LZ: I would like to study art history and arts administration while getting my teaching degree. I'd really like to open a gallery some day, but if that doesn't work out, I would like to teach high school history. High school was really difficult for me, and it would have been nice if I had had a teacher I felt like I could trust or rely on a little more for moral support. History is such a fascinating, broad topic, but depending on how it’s taught, it can be dry and dull. My goal would be to liven it up a little. History can be fun! At this point, it's all about which school would be willing to take a chance on me. I really hope that some quality school finds me appealing and sees a spark in me.
Holiday cards designed by Lexi.
AFH: You’ve made quite a few impressive sculptures at AFH, like the installation at the 7th Annual Greatest Party on Earth in 2011. Can you describe it? How long did it take you to build it?
LZ: For the 7th annual GPOE, I made a trash installation out of found objects. For weeks, we collected the objects we needed. It included a 20ft net woven out of six-pack holders and held together by zipties which was then suspended in the air. We filled this net with about 5,000 water bottles which we then lit up. Without the help of my team, I wouldn't have been able to finish it on time. Large scale installation is a beautiful realm that I'd most certainly love to do, but it’s difficult to do it by yourself in terms of time, size and space. I can't wait to have more opportunities to work with a large area and have the freedom to utilize it in whatever way possible. Installation is one of my favorite types of art because it allows you to get messy. Graphic Design is relatively constricting in the sense that you're usually confined to the parameters of a client and find yourself sitting behind a computer for hours. I easily get itchy—I have to constantly be making something I can touch, scribble and feel all over.
|Lexi goes from design to hanging a sculpture made entirely from recycled plastic bottles and zip ties for our '11 GPOE to honor Earth Day.|
|Lexi designed this amazing hanging sculpture piece made entirely out of recycled plastic bottles and zip ties for our 2011 GPOE.|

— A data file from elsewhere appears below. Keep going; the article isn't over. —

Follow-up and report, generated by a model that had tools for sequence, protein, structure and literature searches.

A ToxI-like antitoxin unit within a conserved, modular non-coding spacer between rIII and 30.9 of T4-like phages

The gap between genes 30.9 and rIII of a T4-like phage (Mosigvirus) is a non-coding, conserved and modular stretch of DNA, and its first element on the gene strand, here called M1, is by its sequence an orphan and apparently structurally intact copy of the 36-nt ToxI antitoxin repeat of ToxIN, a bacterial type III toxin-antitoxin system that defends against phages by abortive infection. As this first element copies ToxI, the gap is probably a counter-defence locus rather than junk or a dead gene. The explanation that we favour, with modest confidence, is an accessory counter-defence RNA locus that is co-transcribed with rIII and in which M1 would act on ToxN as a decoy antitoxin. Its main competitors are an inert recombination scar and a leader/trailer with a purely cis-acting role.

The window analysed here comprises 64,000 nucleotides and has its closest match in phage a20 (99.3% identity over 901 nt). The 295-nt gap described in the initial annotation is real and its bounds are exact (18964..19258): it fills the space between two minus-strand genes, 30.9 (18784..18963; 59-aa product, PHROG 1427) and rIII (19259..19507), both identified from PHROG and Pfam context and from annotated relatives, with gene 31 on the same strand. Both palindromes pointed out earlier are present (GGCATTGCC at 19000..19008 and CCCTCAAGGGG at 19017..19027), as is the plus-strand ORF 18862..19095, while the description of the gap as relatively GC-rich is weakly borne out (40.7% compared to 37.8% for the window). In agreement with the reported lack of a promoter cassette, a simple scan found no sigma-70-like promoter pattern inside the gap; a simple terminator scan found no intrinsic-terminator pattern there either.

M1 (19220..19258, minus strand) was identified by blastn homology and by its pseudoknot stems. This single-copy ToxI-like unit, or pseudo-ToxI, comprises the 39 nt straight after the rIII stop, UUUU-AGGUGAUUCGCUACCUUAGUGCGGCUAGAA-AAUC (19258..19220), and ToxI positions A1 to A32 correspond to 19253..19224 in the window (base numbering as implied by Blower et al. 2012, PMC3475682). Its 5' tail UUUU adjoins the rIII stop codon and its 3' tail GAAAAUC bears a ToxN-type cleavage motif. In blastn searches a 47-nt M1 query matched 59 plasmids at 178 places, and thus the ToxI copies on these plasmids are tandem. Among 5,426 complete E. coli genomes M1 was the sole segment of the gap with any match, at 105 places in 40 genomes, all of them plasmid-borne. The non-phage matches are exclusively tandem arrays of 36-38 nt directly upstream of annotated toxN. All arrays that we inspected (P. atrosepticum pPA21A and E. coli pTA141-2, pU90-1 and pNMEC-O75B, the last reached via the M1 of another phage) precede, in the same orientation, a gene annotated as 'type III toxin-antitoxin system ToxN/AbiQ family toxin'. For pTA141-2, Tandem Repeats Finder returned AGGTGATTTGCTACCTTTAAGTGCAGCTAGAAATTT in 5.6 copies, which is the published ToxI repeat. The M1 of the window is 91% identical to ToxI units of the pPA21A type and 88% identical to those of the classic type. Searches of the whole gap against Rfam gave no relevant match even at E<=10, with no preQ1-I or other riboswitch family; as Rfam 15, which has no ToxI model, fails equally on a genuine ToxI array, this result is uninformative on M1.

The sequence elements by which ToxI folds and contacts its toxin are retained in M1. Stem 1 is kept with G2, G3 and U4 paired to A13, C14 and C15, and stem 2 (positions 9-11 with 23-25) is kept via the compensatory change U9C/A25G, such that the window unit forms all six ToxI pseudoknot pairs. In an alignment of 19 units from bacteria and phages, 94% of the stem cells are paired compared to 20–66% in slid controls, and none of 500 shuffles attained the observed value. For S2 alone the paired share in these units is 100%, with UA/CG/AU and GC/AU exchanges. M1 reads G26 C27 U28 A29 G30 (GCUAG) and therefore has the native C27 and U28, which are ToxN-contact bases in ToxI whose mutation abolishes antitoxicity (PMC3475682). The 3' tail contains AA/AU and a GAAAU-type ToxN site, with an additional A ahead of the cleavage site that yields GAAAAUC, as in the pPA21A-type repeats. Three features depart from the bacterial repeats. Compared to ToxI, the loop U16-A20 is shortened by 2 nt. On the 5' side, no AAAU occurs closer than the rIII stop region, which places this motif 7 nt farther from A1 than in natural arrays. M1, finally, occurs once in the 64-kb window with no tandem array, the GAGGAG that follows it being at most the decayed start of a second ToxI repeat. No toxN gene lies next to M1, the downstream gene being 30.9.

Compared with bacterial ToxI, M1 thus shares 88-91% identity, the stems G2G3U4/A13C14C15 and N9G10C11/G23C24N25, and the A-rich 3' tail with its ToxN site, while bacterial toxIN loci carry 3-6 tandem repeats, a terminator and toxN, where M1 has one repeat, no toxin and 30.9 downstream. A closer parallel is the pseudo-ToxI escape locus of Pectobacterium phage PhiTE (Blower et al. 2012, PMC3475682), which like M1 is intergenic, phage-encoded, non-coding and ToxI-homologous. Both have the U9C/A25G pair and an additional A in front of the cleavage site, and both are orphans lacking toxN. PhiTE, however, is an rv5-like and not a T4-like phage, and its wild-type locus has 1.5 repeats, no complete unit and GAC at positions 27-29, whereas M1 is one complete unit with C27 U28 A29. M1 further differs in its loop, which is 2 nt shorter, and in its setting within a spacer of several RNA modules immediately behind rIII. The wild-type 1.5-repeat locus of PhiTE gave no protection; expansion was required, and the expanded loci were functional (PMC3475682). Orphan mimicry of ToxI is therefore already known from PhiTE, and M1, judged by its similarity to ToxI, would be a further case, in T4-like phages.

AFH: Are there any artists whose work you like or that inspires you?
LZ: I have very very many! Some of my favorite artists include Andy Warhol, Salvador Dali, Felician Rops, Damien Hirst, Man Ray, Edward Gory, Yayoi Kusama, Albrecht Dürer, Artemisia Gentileschi, Yves Klien, Kehinde Wiley, Francisco Goya, Marina Abramovic, and Alphonse Mucha. I'm a fan of pretty much everything, no specific time or era. The thought process behind the art is important too, so I lean towards a lot of conceptual, abstracted work.
AFH: What was the hardest part about designing the Vitamin Water Dress?
LZ: The hardest part was working in the time crunch…we found out two weeks before Boston Fashion Week that we had the slot. Even though the timing was tight, pretty much the only thing you do when you have an opportunity like that is run with it and hope for the best! Luckily I was working with a fantastic team and we were able to finish it on time.
AFH: Would you want to study fashion?
Fashion is something I'm always going to keep in my heart. I don't need to professionally go into it to keep it alive. Currently, I don't have the time to focus on it which is really unfortunate because fashion makes me very very very happy. As I grow older, hopefully I'll have more flexibility in terms of schooling and have the time to hone in on what I really love. AFH gave me a scholarship to a fantastic class at the Boston School of Fashion Design, which really gave me the lowdown of what needs to happen if I truly decide to commit to making fashion design my profession. I don't think I could function right without it-I'd feel like a goldfish out of water. It is not yet the right moment for me to approach the fashion industry, but once I am able to truly dedicate myself and give it the passion it deserves, who knows where I'll go with it?
|Lexi and the other AFH design team that helped create this amazing eco-friendly dress! For more info on how it was made, click here!|